It’s not easy, and can be incredibly frustrating, as platforms like Google, YouTube, and WordPress.com can be very slow to react; and often as soon as a video is removed, someone posts another copy. But we are making headway: you can tell by the volume of the whining and moaning coming from the Hoaxtead pushers about how the ‘large, rich and powerful Satanic cult’ is messing with their God-given right to destroy the lives of innocent children, families, teachers, clergy, and business folk:
If you check out the page, you’ll discover that it’s peppered with posts like this:
The amount of red ink on this page should give you an idea of the type of thing Kane likes to post: he’s fond of putting up pictures of RD’s children, along with as much identifying info’ as he can manage. This sort of page is typical of Hoaxtead posts on Facebook, and trying to get them taken down can be a huge chore–not just because of the volume, but because Facebook itself seems to offer no reliable way to remove this sort of child-abusing garbage.
Here’s why: when you click ‘report’ on a post like this, the following box will appear:
Okay. Option 1 (It’s annoying or not interesting) is obviously intended to weed out trivial complaints, like “I hate One Direction, stop putting up pics of them”. Option 2 (I’m in this photo and I don’t like it) doesn’t apply to those of us trying to have Hoaxtead posts removed. Unless, of course, we’re RD. Option 4 (It’s spam) doesn’t really work either.
Obviously, the answer we’re looking for here is I don’t think it should be on Facebook.
That response brings up this box:
This is where things get very tricky. Pictures of RD’s children, even though they might include graphic descriptions of sexual acts, can’t be construed as nudity or pornography. They’re not photos of our own family; they don’t seem to humiliate me or someone I know. And while they’re definitely inappropriate, annoying or not funny, we get the distinct sense that choosing this category will doom our complaint to the circular file.
All right, then…could the answer be Something else? Let’s see:
Again, we’re left with a list of options that don’t really fit the case. The pictures aren’t attacking anyone based on religion, ethnicity, or sexual orientation; they’re not advocating harm (except in the broader sense of promoting vigilantism); they aren’t pictures of someone harming or planning to harm themselves; they’re not about guns, drugs, or related products; and they’re not unauthorised use of intellectual property.
Yet these are the only options Facebook offers us. It’s no wonder it’s difficult to have this material removed!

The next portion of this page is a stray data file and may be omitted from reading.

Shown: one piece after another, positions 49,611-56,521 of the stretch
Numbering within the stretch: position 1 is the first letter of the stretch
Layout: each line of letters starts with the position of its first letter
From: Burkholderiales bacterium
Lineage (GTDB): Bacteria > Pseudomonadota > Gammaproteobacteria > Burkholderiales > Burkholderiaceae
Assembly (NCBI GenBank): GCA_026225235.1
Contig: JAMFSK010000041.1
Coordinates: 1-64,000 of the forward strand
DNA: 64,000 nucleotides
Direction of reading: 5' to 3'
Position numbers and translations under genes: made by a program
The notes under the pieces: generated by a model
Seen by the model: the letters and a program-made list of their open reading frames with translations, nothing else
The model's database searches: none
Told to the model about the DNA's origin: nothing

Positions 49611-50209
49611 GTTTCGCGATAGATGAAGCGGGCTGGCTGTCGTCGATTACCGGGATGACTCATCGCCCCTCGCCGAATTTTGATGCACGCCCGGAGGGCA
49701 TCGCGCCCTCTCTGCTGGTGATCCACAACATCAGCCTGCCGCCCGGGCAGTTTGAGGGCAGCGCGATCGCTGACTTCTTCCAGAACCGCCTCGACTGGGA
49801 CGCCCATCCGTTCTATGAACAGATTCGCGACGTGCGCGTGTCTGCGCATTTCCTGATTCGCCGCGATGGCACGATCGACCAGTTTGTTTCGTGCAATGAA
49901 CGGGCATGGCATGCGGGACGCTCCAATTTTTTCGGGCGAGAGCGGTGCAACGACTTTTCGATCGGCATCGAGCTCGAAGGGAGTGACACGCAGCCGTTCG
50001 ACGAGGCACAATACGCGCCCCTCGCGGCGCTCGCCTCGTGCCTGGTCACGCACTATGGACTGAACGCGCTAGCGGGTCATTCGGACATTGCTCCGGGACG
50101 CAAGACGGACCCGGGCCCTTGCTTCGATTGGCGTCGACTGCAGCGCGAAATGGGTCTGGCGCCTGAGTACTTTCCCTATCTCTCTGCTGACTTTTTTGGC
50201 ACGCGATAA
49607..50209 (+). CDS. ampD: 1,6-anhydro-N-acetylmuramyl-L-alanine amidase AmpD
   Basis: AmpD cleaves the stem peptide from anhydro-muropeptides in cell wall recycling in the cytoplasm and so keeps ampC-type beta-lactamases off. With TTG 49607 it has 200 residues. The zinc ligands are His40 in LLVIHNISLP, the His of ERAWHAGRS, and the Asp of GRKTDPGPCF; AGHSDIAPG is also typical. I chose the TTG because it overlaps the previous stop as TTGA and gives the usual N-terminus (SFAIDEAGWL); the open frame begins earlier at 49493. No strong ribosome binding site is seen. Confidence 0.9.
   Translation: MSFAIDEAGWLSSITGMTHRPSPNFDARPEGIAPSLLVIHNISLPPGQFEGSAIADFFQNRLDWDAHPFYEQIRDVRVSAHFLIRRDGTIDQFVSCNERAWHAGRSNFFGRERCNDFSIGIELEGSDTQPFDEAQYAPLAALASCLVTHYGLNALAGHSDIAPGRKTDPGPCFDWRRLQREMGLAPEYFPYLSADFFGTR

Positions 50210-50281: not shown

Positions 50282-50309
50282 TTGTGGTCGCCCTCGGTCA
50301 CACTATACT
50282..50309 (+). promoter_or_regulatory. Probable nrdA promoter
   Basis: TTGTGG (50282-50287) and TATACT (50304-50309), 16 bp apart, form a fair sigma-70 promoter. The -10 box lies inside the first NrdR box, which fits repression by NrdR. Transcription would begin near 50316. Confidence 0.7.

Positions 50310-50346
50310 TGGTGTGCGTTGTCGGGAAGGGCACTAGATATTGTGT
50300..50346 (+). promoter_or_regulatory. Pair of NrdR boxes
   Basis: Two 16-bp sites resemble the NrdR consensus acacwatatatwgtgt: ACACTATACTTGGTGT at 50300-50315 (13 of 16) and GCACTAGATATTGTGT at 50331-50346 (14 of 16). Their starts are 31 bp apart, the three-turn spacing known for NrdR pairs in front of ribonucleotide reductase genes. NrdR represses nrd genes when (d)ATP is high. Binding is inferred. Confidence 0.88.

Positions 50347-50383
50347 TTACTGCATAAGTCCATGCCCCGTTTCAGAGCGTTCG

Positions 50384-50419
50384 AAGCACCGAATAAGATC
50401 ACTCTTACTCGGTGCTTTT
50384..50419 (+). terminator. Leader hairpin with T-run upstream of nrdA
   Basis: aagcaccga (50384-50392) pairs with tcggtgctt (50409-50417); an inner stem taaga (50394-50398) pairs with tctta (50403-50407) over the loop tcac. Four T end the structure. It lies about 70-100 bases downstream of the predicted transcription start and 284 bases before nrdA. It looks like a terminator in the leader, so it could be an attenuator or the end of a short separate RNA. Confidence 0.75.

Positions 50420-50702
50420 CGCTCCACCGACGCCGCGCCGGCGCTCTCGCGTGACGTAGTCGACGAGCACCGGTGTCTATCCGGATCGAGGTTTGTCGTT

Without some sort of “these pictures break the law” or “these pictures violate a court order” option, and with no space to write a note explaining the problem, complaining to Facebook is like talking to a wall.
That said, it would be unfair of us to completely condemn Facebook without looking at it from their perspective. Here’s an article on how Facebook moderation works, from the point of view of someone whose job it is to handle all the complaints that make it through the algorithm.
Obviously, rescuing people from immediate harm must take precedence over anything else a moderator does; but surely there must be room in Facebook’s complaints process for issues that will cause harm in the future—like when RD’s children are old enough to look themselves up online, and find out what the Hoaxtead loons have been saying about them.
Reporting fake accounts
The news on Facebook isn’t all bad, though. For example, Facebook has strict rules against people using fake names for their accounts; this can be used to our advantage. The reporting procedure for fake accounts is much more straightforward than the procedure for complaining about a post:
It can take a while for Facebook to get around to dealing with this issue, but in our experience, they will pounce on anyone they suspect of not being who they say they are, and will ask for proof of identity. If the person can’t provide it, Facebook will suspend their access to the profile, and ultimately close it down.
We wish we could give you more encouraging news, but right now it seems that the best way to halt the spread of Hoaxtead posts on Facebook is to target fake accounts.
If any of you have had better success, and would be kind enough to share your tips and tricks, we’ll be very grateful to hear them!